This Fishless Cycle article has been in the library for some time, but it hasn’t gotten much attention. If you don’t know what it means to cycle an aquarium, make sure to read the Nitrogen Cycle article.
The Fishless Cycle article, which can be found HERE, goes into detail explaining how to cycle your aquarium by using clear, additive free ammonia. The idea is that a tank can be prepared to support a large biological load of fish without endangering any fish. If you would like to experiment with this method, make sure you read the instructions carefully and follow all directions. Any questions you may have about fishless cycling should be directed to the Aquarium Setup forum.
A show tank that not only looks beautiful but also demonstrates how best to keep several aggressive species of Lake Malawi mbuna together.
Years ago I learned a hard lesson about keeping mbuna. While many species of mbuna are relatively small, often they are also very aggressive. Case in point is the Pseudotropheus demasoni. This dwarf mbuna may be small, but it packs a punch and its aggression can make it difficult to keep if the conditions aren’t right.
The tank above is a great example of how to keep aggressive Lake Malawi mbuna. Pseudotropheus demasoni, Labeotropheus trewavasae and Metriaclima sp. Membe Deep are all known to be aggressive, especially with others of the same species. The key to a great looking, health and active mbuna tank is a large footprint and to pack them in. Sub dominant fish need to have room to run and by having lots of fish, the most aggressive fish have many targets and no one fish is singled out. There is also a theory that it is best to only have one defined territory as opposed to two or more separate rock formation. Anyway, enjoy the video and if you wish to discuss keeping aggressive mbuna, make sure to visit the Lake Malawi species forum. A special thanks to Adam Klimczak (Iggy Newcastle on the forum) for another great video. You can view more of Adam’s videos on his AJK Aquaria YouTube channel.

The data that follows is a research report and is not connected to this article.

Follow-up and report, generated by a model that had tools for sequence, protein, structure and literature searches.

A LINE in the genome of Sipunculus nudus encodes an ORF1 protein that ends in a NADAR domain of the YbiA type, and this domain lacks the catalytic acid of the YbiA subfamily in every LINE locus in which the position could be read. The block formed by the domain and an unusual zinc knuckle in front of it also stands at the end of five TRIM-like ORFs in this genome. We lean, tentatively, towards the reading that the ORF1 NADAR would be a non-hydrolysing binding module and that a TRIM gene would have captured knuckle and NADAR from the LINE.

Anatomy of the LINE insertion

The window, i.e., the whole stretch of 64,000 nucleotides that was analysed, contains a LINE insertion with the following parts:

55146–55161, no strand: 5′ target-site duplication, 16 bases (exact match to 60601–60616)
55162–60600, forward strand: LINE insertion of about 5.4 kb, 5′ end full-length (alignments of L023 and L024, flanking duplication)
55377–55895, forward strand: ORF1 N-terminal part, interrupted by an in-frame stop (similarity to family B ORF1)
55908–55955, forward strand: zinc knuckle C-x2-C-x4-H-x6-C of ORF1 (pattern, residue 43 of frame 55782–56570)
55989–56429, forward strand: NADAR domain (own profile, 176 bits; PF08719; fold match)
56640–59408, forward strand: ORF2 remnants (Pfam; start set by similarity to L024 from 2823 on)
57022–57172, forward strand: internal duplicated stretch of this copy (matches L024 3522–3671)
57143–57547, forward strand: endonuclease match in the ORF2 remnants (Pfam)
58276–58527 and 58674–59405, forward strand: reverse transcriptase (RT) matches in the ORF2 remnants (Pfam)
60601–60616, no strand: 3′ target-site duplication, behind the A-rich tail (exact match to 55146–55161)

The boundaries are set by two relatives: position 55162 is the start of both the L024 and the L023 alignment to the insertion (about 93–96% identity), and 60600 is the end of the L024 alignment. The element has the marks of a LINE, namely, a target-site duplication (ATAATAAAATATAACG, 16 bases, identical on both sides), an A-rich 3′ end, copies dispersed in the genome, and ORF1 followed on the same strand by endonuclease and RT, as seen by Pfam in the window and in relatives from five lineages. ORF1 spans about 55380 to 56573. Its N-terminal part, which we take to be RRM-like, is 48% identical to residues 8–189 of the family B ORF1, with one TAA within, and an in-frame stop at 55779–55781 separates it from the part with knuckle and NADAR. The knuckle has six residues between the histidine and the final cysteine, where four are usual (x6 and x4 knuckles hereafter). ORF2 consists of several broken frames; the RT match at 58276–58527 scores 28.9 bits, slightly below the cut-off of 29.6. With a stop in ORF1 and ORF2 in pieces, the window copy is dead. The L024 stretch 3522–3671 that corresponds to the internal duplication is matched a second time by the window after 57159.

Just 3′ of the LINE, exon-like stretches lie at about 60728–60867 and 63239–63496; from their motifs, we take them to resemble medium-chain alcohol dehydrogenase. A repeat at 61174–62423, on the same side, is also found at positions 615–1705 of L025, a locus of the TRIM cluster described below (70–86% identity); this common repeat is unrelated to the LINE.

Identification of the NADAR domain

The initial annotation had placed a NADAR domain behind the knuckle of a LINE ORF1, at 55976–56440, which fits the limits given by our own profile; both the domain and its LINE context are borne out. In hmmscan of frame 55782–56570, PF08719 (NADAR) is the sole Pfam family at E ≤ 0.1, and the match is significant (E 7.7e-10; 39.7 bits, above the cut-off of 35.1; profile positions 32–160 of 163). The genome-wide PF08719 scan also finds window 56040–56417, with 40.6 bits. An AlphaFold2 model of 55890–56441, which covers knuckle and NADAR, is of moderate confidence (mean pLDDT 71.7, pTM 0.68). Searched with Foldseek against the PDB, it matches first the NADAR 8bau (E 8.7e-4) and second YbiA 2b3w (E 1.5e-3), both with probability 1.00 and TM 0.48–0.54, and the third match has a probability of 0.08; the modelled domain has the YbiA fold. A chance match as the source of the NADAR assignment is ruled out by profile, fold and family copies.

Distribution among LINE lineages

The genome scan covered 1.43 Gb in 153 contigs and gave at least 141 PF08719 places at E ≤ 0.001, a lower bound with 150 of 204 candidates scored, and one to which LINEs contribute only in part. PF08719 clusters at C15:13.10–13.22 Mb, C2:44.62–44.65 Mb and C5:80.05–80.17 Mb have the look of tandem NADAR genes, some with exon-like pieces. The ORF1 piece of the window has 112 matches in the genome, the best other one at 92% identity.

Fishing with a mosquito net. Photo by Uriel Sinai for the New York Times.
Mosquito nets have helped to reduce the number of malaria infections and deaths around the world. Unfortunately, misuse of these same nets is threatening fish populations in Lake Victoria. These nets, intended to stop mosquitoes, are catching young fish and even eggs. On top of that, many of these nets are coated with a pesticide which seeps into the water when used for fishing.
The use of mosquito nets for fishing is being blamed as a contributor to the declining commercial fish populations in the lake. Cichlids are also undoubtedly paying the price for this as well. As seen in the picture above, the nets are being used along the sores in swampy areas. These same areas are where many of the remaining cichlid species of Lake Victoria have taken refuge. For more information on the misuse of mosquito nets and the impact on the region, check out the New York Times article.
In a new study researchers found that female Neolamprologus caudopunctatus, a cichlid from Lake Tanganyika, on average disperse from their nest 11 times further than males. This is the opposite behavior from what we see in most mammals, where the males tend to move further away from their birth place. Young female Neolamprologus caudopunctatus also tend to stick together when they move away, increasing their safety in numbers and insuring that their genetic material survives to reproduce. The original study is behind a pay wall, but a good synopsis of it can be found on the PHSY.ORG website. If you would like to learn more about N. caudopunctatus, check out the Species Profile. Discussion on this fish can be done in the Lake Tanganyika forum.